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Why Is It Still Taboo for Women to Admit They Want Money?
01.24.19

In partnership with SHOWTIME

“Don’t talk about money” is one of the oldest and most engrained adages of social decorum — particularly, I would argue, for women (the somewhat anachronistic adjective “unladylike” comes to mind). However, talking about money with my female friends, from being transparent about our salaries to openly parsing our monetary ambitions, has resulted in some of my most enlightening personal and professional growth.

Black Monday, a new SHOWTIME original series, puts the complex relationship between women and money under a microscope by highlighting the experiences of Dawn Darcy (played by Regina Hall), a black woman working on Wall Street during the infamous stock market crash in 1987. Dawn is a unique character, not only because her colleagues are almost exclusively white men, but also because she is unapologetic in her pursuit of wealth and success during a time when that was even more taboo.

In 2019, there is still a stigma associated with the idea of women speaking candidly about their desire to earn a lot of money, but its grip on cultural mores has grown significantly less powerful. To that point, Man Repeller spoke with three women from different backgrounds about their relationship with money, and why they’re not ashamed to discuss it openly. Scroll down to read their stories, accompanied by a styled editorial that pays homage to the best of ’80s workplace attire.

Grace

Grace, 28, is a business change consultant living between London and Luxembourg.

I was fortunate to be born into a middle class family. Even though we weren’t uber wealthy, we were comfortable. Then, when I was about 10 years old, my parents got divorced, and my dad left my mom with no money. It was very strange to suddenly go from never having to really think about money to suddenly thinking about money all the time. There was a notable shift where money suddenly became a thing, and aspects of financial security that we took for granted before (like having enough to pay for school tuition) were no longer guaranteed.

My mom worked her ass off, holding multiple jobs so she could continue to pay for our education. She just kept working, working, working so we could maintain a certain lifestyle. But even so, I think I was always super aware that all the other children at school had more than we had, and that things came more easily for them as a result. For things like school trips, all the other children would all automatically be like, “Yeah of course we’re going.” But for us, my mom would be like, “Oh, I don’t know if we can afford that one. And I don’t know if we can afford that new book or your new swimming uniform.” The idea that you have to work for everything you have was embedded into us — as well as the idea that you can basically never can stop working for it because you never know when it might disappear.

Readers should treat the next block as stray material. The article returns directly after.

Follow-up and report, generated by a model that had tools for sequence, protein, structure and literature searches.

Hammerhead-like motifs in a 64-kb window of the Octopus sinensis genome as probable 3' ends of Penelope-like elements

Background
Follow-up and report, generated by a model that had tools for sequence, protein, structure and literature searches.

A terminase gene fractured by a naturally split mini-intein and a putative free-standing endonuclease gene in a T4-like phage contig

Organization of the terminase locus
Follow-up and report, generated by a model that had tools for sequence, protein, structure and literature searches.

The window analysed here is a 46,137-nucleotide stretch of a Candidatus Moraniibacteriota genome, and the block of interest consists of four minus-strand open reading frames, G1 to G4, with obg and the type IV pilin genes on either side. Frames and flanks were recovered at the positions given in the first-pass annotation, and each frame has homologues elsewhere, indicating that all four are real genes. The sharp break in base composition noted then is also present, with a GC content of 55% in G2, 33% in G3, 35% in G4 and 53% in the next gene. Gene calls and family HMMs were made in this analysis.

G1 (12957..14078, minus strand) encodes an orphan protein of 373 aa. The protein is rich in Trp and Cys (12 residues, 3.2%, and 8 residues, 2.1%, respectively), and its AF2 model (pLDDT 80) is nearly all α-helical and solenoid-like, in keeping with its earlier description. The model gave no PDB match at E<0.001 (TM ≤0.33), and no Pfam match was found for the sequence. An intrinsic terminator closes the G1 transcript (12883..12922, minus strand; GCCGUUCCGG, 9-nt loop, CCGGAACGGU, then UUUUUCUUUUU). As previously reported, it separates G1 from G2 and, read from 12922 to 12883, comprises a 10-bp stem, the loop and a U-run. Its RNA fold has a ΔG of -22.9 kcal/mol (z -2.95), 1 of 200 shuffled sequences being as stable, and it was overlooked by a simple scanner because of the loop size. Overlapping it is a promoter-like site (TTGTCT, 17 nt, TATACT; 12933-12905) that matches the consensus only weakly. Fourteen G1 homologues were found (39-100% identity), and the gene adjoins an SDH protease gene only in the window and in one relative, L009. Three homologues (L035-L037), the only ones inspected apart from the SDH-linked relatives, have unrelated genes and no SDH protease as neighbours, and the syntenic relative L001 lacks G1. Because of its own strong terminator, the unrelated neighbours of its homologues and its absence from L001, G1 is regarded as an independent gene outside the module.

Altuzarra suit via Net-a-Porter, Sam Edelman shoes, Rebecca de Ravenel earrings and Maryam Nassir Zadeh bag

I started working as soon as I turned 16, even during school holidays. If I couldn’t get a job, my mom made me go to the local job center and sign on to get unemployment benefits. It wasn’t much — around 150 pounds a week — but I remember being really embarrassed and thinking, Oh my gosh, what if my friends find out about this? They’re all living the high life, and here I am at the job center! I had a huge argument with my mom about it.

As soon as I left school, I started working in a bar. That was a defining moment for me because it was my first proper paycheck, and I remember seeing it hit my bank account and being like, “Oh my gosh! It’s just so much money.” I realized that if I worked more hours, I could make more money, so I told my boss I would work as many hours as I could. I didn’t mind that I was working constantly and was exhausted all the time. I just wanted to see the number increase in my account. It became an addiction. I still, to this day, find it quite addictive to see my savings go up.

People keep saying to me, “Why won’t you buy an apartment? You have enough money to put a deposit down.” But I just don’t feel comfortable doing that. It’s important for me mentally to have access to a lot of cash and to be able to take that cash out whenever I want. I need to have a buffer, just in case. Partially because it makes me feel safe, but also because it allows me to take a lot of risks. I leave jobs without having a subsequent job lined up. I ask for higher rates as a consultant just to see what I can get — and I’m perfectly willing to talk about that. Most people get really uncomfortable if you ask them their salary, but I never hesitate to share the ballpark range of what I make when asked. Why would I? We talk about every other aspect of ambition and success. Money is money. Everyone needs it to survive. I don’t understand why it’s such a taboo topic.


Contessa

Contessa, 35, is the director of commerce at Essence. She lives in New York.

Growing up, I didn’t know that we didn’t have money, but when I stepped outside of that safety, it became apparent. I went to school in another district where there was a lot of money. Whether it was a school event I couldn’t afford to attend, or people wearing certain clothes, or the fact that I lived so far away that I had to be driven in, I could sense the wealth disparity. I remember realizing, Okay, there is a difference between me and these people.

I’m the first woman in my family to graduate college, but I didn’t graduated until I was 30. After high school, I did a ton of different stuff. I was a makeup artist in Atlantic City in a casino, which was weird. I wanted to write, so I did a little bit of that. I was running around with no direction, making horrible choices, letting boys treat me like shit. I was always living paycheck to paycheck. There was just a huge gap in my life that had no structure. Not having money is such a real feeling. It really put me in a shitty position.

Maryam Nassir Zadeh jacket, Zara top, vintage pin